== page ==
The Microhoo Fallout
The Microhoo Fallout
Microsoft's withdrawal of its offer for Yahoo ended a three-month saga replete with big bucks, big egos and big implications-for the companies involved, for their customers and for the industry in general.
Even after Microsoft raised its bid for Yahoo by $5 billion, to $47.5 billion, negotiations fell through. Microsoft CEO Steve Ballmer said his company increased its offer to $33 per share-from the $31-per-share cash-and-stock bid that it initially made Feb. 1-but that Yahoo was looking for $37 a share.
"Despite our best efforts, including raising our bid by roughly $5 billion, Yahoo has not moved toward accepting our offer," Ballmer said in a statement. "After careful consideration, we believe the economics demanded by Yahoo do not make sense for us, and it is in the best interests of Microsoft stockholders, employees and other stakeholders to withdraw our proposal."
Microsoft sought to buy Yahoo to gain a stronger foothold in its battle with Web search leader Google, which is rapidly expanding into the software maker's own turf with new Web-based applications.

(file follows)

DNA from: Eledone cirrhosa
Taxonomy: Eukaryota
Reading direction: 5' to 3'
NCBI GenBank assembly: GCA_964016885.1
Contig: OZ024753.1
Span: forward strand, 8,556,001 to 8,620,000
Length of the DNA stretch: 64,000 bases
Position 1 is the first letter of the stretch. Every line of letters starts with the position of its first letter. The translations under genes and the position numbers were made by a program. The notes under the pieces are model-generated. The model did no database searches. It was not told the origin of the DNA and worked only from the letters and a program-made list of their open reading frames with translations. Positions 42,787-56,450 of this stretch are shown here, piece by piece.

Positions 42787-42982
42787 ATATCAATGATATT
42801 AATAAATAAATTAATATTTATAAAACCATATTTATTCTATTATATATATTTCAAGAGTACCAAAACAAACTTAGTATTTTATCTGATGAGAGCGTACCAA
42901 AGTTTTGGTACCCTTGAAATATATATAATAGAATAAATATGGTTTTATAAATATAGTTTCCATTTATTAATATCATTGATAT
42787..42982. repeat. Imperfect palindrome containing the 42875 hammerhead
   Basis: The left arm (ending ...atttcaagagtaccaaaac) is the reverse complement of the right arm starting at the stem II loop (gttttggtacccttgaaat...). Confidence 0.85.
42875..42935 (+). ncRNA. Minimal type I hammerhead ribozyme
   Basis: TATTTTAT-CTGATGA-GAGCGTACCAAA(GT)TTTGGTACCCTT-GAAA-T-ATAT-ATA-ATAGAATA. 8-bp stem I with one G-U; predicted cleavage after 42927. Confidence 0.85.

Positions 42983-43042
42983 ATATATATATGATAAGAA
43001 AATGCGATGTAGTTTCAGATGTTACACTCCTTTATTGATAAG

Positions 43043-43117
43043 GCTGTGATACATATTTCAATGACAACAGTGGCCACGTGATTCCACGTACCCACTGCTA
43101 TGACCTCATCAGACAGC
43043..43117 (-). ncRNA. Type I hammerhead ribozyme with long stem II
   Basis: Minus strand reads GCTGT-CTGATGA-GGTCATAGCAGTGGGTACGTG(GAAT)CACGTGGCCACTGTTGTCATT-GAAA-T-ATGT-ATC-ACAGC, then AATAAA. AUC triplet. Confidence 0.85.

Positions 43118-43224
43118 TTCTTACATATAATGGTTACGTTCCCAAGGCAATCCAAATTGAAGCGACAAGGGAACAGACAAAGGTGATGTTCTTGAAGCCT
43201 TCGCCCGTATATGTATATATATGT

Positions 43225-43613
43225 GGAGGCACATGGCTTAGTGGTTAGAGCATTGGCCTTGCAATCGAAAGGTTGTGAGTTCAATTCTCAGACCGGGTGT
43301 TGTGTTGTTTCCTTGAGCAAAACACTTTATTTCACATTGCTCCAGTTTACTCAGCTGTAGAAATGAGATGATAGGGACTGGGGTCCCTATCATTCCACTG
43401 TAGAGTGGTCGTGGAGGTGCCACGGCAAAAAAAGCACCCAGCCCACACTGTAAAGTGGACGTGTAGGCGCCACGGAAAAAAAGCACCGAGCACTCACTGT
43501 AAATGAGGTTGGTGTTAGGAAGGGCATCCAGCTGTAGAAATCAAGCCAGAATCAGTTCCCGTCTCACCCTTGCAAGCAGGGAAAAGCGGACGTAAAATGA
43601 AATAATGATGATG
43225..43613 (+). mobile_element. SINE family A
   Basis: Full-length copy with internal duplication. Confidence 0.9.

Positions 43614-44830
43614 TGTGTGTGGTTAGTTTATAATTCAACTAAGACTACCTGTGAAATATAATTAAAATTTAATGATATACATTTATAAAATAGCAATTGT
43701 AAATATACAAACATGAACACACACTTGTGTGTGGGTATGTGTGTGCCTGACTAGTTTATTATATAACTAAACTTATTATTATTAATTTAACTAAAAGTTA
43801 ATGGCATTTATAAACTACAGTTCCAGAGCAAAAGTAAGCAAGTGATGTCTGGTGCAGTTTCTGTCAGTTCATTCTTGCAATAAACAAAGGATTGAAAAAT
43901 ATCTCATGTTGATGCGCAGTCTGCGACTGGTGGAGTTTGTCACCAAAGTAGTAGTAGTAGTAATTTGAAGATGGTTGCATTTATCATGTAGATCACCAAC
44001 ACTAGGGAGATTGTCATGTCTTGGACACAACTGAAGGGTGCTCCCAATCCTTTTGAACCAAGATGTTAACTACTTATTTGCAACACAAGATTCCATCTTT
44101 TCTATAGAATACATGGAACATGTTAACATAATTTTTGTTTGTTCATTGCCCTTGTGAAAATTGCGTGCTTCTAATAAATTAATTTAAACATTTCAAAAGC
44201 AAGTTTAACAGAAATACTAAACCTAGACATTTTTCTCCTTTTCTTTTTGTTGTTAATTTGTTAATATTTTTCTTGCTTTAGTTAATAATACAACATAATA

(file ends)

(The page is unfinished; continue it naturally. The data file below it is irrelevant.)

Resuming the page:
Indeed, the failure of Microsoft to acquire Yahoo could echo in the future of the enterprise market, with Google emerging as the lead horse in the race, according to Interarbor Solutions analyst Dana Gardner. Microsoft's abandonment of its Google bid will not only keep Google at the head of the online search and advertising markets, but could also have an impact on the future of the enterprise market.
Google is a relatively small player in the enterprise, selling search appliances to businesses and a collaboration suite that it hosts on its own servers as part of its cloud-based Internet services strategy. All told, these products are believed to constitute only 2 percent of the company's revenue.
But as the computing landscape shifts increasingly toward cloud computing, Gardner said, Microsoft's traditional client/server and packaged software model will be threatened. Businesses are already looking to use applications that Google hosts in its own data centers. Microsoft wants to get to the same place and needs Yahoo-or a company like it-to help do it.